The Haunted Mudhouse Mansion
Mudhouse Mansion is an abandoned house located in Fairfield County, just east of Lancaster, at 4730 Mudhouse Road. It’s a very imposing, impressive place built into a hill, with a number of outbuildings surrounding it. With its empty windows and isolated location, Mudhouse Mansion practically screams haunted house. And, appropriately enough, it is one. It was built around mid-19th century, and it is considered to be Ohio’s most haunted residential structure. It is famous with several paranormal investigators and regular people that travels to Lancaster, Ohio. Even if there was a sign that basically yells “no trespassing”, it did not stop people from breaking in and exploring the place.
Why is it Haunted?
If you believe the local tales, you can take your pick. One legend tells of a government official who lived there after the Civil War and still kept slaves (in the North, even), locking them in one of the outbuildings at night. One night the slave dug his way out, entered the house, and slaughtered the entire family. Some say a more modern family was massacred there; their ghosts haunt the house.
Others say it’s home to the original “Bloody Mary,” the ghost lady who’s supposed to appear in your mirror if you say her name three or five or ten or a hundred times. Some kids in Lancaster grew up calling it the House of Mary. According to traditional American folklore, Bloody Mary’s children were killed, either by her husband or by her, and she’s pissed about it. This one is tough to believe, since Bloody Mary is known all over the world, and it’s pretty much a given that she never existed in the first place, much less in Fairfield County, Ohio. Then again, it’s all just folklore, so you can believe just about anything you want to about Mudhouse.
There’s a third haunting tale emphasizes the story of a psychopathic woman, who we assume could have been the origin of Bloody Mary, that murdered her whole family and committed suicide after. Finally, there is also a story wherein a family who moved into Mudhouse Mansion during the early 1900’s mysteriously disappeared. When no one could find them, local authorities started searching for them and eventually found every member of the family hanging in a secret room. All of them were apparently wearing pure white clothes.
No one can ever clarify whether or not any of these ghost tales are true. The only fact here is that the Mudhouse Mansion is considered to be the most haunted and morbid place in Ohio for well over a century. That is why hundreds if not thousands of people from all over the country have visited this place every year just to get a thrill.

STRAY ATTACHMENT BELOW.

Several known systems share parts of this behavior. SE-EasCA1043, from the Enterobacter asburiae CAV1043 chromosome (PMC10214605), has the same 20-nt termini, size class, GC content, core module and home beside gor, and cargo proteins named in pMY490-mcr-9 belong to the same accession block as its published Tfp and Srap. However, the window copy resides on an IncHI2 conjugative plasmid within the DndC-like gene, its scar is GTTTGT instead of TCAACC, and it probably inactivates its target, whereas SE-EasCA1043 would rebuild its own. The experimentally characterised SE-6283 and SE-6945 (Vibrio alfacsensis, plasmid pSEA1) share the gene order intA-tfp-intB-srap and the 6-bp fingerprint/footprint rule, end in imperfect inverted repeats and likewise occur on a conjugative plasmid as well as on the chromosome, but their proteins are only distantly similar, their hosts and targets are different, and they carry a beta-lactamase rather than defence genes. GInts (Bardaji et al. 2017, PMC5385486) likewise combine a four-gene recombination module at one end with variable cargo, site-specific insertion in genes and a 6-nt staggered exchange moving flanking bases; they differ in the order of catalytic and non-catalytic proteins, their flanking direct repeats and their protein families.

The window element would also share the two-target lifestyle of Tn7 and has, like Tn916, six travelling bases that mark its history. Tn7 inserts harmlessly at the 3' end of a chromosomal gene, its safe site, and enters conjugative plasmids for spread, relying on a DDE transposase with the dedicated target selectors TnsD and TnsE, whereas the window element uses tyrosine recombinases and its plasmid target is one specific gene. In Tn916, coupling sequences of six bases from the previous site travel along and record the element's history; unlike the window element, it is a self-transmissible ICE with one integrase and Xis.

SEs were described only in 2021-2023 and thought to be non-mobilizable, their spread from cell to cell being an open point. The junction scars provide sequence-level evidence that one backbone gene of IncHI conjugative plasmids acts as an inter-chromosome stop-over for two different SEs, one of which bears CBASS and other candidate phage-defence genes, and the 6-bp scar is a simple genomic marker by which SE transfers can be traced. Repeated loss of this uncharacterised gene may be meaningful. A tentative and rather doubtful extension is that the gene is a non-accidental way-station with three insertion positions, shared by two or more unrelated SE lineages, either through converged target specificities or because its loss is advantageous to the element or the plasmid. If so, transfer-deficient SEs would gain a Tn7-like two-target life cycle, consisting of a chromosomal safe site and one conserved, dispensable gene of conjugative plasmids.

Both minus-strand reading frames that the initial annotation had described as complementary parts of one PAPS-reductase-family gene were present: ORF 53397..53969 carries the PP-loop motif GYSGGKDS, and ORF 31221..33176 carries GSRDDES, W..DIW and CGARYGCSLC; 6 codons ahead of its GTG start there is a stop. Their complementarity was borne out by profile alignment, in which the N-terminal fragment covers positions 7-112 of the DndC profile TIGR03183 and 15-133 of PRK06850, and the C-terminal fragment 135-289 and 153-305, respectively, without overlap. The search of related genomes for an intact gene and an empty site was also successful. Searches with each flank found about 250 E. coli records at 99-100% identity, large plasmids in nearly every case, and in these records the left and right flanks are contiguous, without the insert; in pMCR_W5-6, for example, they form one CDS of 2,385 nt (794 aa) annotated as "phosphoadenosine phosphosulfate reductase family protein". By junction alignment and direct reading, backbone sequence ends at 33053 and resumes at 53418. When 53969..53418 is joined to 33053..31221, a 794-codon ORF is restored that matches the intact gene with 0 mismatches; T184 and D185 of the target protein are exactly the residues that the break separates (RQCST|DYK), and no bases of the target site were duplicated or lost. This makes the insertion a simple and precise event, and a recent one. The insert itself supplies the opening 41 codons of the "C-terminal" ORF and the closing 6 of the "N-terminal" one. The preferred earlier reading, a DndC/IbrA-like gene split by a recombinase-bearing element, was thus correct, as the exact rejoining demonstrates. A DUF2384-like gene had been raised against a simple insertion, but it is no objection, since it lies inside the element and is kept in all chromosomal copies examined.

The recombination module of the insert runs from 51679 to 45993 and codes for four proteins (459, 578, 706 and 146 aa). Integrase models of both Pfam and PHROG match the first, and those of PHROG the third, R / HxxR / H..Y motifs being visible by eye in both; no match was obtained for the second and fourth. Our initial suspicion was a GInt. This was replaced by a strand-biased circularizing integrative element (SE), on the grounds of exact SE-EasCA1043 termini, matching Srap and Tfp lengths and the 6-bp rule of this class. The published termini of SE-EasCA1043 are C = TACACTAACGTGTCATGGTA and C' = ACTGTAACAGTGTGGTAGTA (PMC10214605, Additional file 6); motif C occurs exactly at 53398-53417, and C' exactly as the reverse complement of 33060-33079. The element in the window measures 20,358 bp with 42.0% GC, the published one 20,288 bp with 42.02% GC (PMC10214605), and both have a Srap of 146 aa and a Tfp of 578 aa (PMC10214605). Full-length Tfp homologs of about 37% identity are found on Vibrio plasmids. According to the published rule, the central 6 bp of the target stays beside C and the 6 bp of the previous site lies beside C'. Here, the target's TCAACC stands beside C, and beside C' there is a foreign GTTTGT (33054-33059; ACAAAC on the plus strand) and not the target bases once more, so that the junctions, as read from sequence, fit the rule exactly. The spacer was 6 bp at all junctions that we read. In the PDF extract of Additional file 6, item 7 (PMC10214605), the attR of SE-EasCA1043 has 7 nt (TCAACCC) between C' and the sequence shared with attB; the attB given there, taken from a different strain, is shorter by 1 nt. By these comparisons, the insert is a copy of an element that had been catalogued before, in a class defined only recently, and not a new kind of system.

Why Was it Demolished?
While most people see the place as a haunted mansion, David Mast, the son of Jeane Mast, the owner Mudhouse Mansion and the Mud House Road in Pleasant Township, see this place as just a farmhouse. In fact, he even told reporters that he was never quite particularly fond of the mansion.
David Mast said that his house was not his cup of tea and that he is not into the idea of spending millions just to make the house safe and livable. He also said that he never understood the people’s fascination towards the house or where the haunted stories even came from.
Mast said that he and his family had a hard time getting people to stay out of their house. The Mudhouse Mansion, which was complete with seven bedrooms, was demolished in a span of two hours. In fact, even before the excavation crew came in, one wall of the was already falling apart.
One of Mast’s neighbor, Cindy Herd, said she always have high respects for Jeane Mast, however, after 23 years of guarding and reporting trespassers to police, she also believes that it’s about time that Mast bring a select few people and watch the old farm house get demolished. Even if it’s quite a bittersweet moment, most neighbors were glad that the Mudhouse Mansion was demolished because this means that curious explorers would not be in danger anymore. David Mast was also glad that he won’t be patrolling the area anymore.
Even if the Mudhouse Mansion is already erased on the rolling hills of Fairfield County’s landscape, its memories and folklore from local residents who have seen it standing for several decades still remains.